View Full Version : Net Neutrality and FutureQuest
10-19-2006, 09:35 PM
The impending merger of AT&T and BellSouth seems to mark a turning point and while I have followed the larger outlines of the argument, (Doc Searles, et al) I have not yet thought about the "nuts and bolts" of the situation and the reality of it. I'm wondering how this will affect FutureQuest, our accounts, and further specifics.
This may be too soon to raise these questions, on the other hand we may not know when it's too late so better to raise them now.
Will we need a different host to participate in the faster, more expensive connections?
Will there be a two tier system here?
Is FutureQuest researching this and may we benefit from or add to this research?
10-20-2006, 03:16 PM
Ok, maybe they're dumb questions. Can someone at least tell me why? Is everyone as uninformed about this as I am? That is disconcerting.
BellSouth and AT&T are currently expected to complete the merger by the end of 2006. (http://largebusiness.bellsouth.com/MergerFAQ.aspx)
The proposed merger of AT&T and BellSouth means the death of the Internet... (http://www.internetnews.com/bus-news/article.php/3589426)
I'll be away from my desk for a few days, see you Monday. :)
Andi and other interested readers ;)
As far as I have been able to determine no one really has a complete handle on what could happen in this area.
1: AT&T has been requested to and has, supposedly, guaranteed Net Neutrality as a stipulation to the merger with BellSouth.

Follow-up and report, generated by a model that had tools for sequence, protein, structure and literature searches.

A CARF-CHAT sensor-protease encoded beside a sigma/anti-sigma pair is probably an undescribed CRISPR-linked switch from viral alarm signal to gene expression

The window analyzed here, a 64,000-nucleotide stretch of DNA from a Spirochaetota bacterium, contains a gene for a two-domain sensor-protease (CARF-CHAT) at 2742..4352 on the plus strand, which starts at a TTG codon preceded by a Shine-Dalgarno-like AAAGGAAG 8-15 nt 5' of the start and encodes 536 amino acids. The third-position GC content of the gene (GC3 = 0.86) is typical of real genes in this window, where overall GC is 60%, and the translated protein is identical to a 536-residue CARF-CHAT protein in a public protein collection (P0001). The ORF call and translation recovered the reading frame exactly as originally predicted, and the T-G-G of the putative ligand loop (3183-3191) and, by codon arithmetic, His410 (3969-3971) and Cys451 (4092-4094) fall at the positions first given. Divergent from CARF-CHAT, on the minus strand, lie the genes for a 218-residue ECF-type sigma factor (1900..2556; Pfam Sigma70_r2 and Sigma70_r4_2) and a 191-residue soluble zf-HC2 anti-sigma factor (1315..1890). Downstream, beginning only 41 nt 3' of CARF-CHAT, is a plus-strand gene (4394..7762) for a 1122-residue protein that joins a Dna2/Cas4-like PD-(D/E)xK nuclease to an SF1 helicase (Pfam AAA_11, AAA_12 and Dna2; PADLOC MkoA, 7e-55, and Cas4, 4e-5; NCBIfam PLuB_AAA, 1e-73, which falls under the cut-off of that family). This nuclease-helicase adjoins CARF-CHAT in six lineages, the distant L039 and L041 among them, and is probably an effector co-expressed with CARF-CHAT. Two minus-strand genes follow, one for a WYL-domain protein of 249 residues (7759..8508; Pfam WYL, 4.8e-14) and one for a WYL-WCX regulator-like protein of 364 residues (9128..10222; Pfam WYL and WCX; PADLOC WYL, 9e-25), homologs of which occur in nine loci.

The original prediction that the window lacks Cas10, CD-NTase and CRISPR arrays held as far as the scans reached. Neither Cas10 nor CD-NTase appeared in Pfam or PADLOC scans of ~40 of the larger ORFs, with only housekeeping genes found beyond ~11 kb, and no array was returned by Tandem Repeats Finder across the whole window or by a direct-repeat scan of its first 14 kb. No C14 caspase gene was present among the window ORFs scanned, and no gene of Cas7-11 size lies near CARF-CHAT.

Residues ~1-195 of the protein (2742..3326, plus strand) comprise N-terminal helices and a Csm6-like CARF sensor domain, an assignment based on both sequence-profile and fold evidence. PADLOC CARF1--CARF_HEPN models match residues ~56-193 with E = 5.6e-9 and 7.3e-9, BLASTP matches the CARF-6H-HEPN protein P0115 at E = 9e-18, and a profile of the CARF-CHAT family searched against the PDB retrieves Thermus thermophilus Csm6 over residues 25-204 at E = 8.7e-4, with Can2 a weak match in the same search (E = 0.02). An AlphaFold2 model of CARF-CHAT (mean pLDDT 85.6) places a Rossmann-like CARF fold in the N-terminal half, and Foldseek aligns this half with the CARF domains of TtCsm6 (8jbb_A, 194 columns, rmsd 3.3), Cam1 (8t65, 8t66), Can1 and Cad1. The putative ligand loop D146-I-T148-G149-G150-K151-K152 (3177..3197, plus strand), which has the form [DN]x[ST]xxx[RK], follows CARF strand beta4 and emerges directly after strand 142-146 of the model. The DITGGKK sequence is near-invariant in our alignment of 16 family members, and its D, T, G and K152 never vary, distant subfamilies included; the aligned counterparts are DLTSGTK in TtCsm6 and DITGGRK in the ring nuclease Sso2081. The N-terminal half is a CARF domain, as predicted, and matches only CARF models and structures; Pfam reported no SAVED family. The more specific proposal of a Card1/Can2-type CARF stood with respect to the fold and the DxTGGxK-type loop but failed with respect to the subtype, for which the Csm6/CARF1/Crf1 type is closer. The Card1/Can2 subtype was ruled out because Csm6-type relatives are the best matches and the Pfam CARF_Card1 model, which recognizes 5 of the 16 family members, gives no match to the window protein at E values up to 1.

Additionally, for 30 months it would abide by principles on Internet access the FCC has adopted, which include allowing customers to surf anywhere on the Internet and run any application they choose with their high-speed service.http://news.google.com/news/url?sa=t&ct=us/1-3&fp=453bccea17c7c32e&ei=p747Rf2oDqCcHZGN_GU&url=http%3A//money.cnn.com/2006/10/20/news/companies/bc.telecoms.bellsouth.fcc.reut/%3Fpostversion%3D2006102018&cid=1110476479&sig2=I04T0WlyLrIh8nQCGB4sVw
Of course that is only a 30 Month guarantee but...
2: That would not prevent Verizon from taking advantage of AT&T in an attempt to charge sites for unfettered access to their network to increase profits while Ma Bell (assuming you call Verizon Pa Bell :confuz: ) has their hands tied.
3: We have no clue who or what would be affected even if some sort of Tier Access was implemented by any ISP however everything I have read indicates they would target specific web sites, Yahoo, Google, YouTube, MSN ...etc, and not a Host provider as such...
I found the WikiPedia page on Net Neutrality to be extremely informing in this area and even contains references to two interesting points that some that oppose any Federal Regulation use to point out that the FCC already has the power to ensure Net Neutrality...
In 1860, a US federal law subsidizing a coast to coast telegraph line stated that